And, more to the point, so long most of the old telephony model. With services like Skype having developed global free access to telephony-like services - with integrated video and texting to boot - the call is in for hanging up on now-antiquated telephony methods. It is almost beyond imagining in a time in which I can call for minutes on end for free to India or Italy via Skype that I have to pay over USD 50 a month for the honor of trying to figure out whether or not I need to add an area code via my telephone to contact someone in the town next door. Dedicated circuits still have their place, but just as Google showed that "pretty good" search results were enough to revolutionize content monetization so will the "pretty good" Internet telephony that can be delivered via broadband wireless begin to push telephone companies to surrender their woefully inefficient approaches to telephony services.

In doing so Google will have eliminated the one remaining force that could create artificial scarcity restrictions on content distribution. Major media and telephony companies will continue to push in the U.S. for tiered Internet access, but if most content and communications can come in via broadband wireless at a single fee or through an ad-supported feeless model the rationale for tiered access will be hard to justify in the minds of the consumers. This would still leave a lot of room for potential profits for such companies, but perhaps in a different way than they had imagined. Instead of trying to charge boatloads for access to low-tech content sources such as text and low-bandwidth multimedia cable and telephony companies could have a Web tier devoted to products such as high-performance bandwidth for HDTV. As Google figures out how to do these types of new formats more efficiently in an ad-supported bandwidth model the telcos and cable companies would be forced to innovate even more to justfy the value of premium network services based not on artificial scarcity but on highly valuable technologies.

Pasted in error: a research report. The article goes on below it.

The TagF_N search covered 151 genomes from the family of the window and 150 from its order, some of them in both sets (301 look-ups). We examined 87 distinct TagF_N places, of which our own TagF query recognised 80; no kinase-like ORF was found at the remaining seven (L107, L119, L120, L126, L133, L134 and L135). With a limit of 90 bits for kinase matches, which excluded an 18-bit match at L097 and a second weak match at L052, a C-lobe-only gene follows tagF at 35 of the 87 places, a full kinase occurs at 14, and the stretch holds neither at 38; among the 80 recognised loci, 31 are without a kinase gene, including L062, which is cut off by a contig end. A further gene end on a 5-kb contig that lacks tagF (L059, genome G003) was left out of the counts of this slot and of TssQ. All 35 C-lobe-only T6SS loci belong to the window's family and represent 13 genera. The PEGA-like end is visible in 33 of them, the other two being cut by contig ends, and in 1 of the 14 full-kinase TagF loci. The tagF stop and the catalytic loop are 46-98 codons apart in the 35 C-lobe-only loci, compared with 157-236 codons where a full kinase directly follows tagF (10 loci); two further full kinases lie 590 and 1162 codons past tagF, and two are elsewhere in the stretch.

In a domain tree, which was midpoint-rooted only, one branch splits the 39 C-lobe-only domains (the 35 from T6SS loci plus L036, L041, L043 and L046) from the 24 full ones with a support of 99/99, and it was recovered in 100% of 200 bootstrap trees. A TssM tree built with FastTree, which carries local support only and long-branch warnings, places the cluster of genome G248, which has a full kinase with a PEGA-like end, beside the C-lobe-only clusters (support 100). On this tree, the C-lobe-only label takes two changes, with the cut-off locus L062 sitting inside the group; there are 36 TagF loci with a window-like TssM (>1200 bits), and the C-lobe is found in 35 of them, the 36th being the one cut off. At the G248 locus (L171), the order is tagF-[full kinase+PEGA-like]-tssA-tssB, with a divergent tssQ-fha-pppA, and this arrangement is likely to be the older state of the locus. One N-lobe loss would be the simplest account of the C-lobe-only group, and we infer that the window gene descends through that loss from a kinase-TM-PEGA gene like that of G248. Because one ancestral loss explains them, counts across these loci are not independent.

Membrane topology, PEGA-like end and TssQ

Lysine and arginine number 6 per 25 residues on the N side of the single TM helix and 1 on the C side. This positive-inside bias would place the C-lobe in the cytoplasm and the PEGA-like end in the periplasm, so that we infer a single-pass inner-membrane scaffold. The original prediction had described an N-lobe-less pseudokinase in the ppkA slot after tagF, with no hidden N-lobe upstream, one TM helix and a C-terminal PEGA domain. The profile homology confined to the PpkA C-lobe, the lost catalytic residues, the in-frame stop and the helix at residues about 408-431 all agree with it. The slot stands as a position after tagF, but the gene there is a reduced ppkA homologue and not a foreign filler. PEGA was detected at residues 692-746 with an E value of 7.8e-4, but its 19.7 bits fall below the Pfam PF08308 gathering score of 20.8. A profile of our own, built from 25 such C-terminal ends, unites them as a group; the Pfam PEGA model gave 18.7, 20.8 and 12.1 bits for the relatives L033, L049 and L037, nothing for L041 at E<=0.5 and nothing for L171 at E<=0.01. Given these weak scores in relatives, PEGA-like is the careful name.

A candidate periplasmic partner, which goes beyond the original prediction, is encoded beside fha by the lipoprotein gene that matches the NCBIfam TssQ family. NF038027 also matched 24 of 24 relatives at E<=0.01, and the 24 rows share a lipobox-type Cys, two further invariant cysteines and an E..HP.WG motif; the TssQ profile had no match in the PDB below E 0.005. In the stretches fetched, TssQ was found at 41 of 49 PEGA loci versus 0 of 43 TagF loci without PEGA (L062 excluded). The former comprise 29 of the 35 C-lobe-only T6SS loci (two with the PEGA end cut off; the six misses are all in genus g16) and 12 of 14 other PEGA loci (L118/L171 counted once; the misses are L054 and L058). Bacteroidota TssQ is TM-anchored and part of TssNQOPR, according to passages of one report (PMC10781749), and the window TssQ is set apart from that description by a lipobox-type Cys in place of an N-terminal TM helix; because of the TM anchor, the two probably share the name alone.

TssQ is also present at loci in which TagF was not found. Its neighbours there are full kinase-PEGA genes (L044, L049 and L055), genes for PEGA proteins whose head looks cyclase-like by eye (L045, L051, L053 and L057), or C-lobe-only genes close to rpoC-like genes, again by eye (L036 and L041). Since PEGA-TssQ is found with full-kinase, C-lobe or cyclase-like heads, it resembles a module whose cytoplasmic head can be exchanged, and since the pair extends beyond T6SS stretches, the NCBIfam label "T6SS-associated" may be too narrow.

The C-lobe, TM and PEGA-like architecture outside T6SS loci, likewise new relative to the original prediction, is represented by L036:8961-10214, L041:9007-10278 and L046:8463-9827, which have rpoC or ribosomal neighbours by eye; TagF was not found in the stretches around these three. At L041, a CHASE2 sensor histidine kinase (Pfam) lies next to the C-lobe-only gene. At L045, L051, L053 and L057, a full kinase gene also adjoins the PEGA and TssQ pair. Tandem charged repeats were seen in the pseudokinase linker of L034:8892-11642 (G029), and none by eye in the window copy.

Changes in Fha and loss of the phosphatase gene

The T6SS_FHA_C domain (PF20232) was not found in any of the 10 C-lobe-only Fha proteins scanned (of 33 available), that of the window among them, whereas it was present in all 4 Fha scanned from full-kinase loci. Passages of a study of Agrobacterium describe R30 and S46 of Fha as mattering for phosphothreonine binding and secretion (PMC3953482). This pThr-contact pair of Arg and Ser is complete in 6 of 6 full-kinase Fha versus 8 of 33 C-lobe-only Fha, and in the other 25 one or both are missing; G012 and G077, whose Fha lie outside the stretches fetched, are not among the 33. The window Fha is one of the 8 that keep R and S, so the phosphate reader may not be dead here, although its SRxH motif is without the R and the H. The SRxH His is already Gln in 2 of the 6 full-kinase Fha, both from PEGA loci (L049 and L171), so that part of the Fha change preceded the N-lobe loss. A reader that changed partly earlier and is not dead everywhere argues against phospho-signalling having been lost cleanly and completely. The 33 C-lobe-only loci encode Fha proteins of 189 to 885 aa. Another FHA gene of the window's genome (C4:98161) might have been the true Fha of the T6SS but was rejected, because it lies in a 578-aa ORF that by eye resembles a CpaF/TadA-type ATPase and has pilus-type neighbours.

In all of this it's clear that there will continue to be a place at the table for premium content plays in broadband mobile applications: there are some times when a walled garden is actually a pretty nice place to be. But these gardens will be built by the demands of content consumers, not by the fiat of companies wanting to enforce scarcity where it does not need to exist. The world of traditional media outlets wants desperately for this not to happen, but as demonstrated by what consumers wind up doing when they waste time trying to prevent these changes - easily hacked DRM, unlocked iPhones, technology standards that restrict consumer choices rather than increase them - the years of profits gained by resisting appropriate technology innovations rarely outweigh the years of profits gained by embracing them aggressively.

Will all of this come to pass? Probably not - there are so many "moving parts" in the content industry today that Google itself cannot keep up with all of its changing landscape. The changes are likely to come over a decade at least, just as Google's initial rise to power took many hears to accelerate into a quantifiable market force. But with the amount of work that Google has put already into its mobile strategies it may be happening far more quicly than we can imagine. I don't think that I will have a Google-supplied dialtone on my kitchen phone in five years but I think that it's safe to say that by then I will have a hard time remembering when last I picked up my kitchen telephone or paid for a mobile-to-mobile phone call. And, more to the point, I won't be sad that I have to think about it. One can only hope.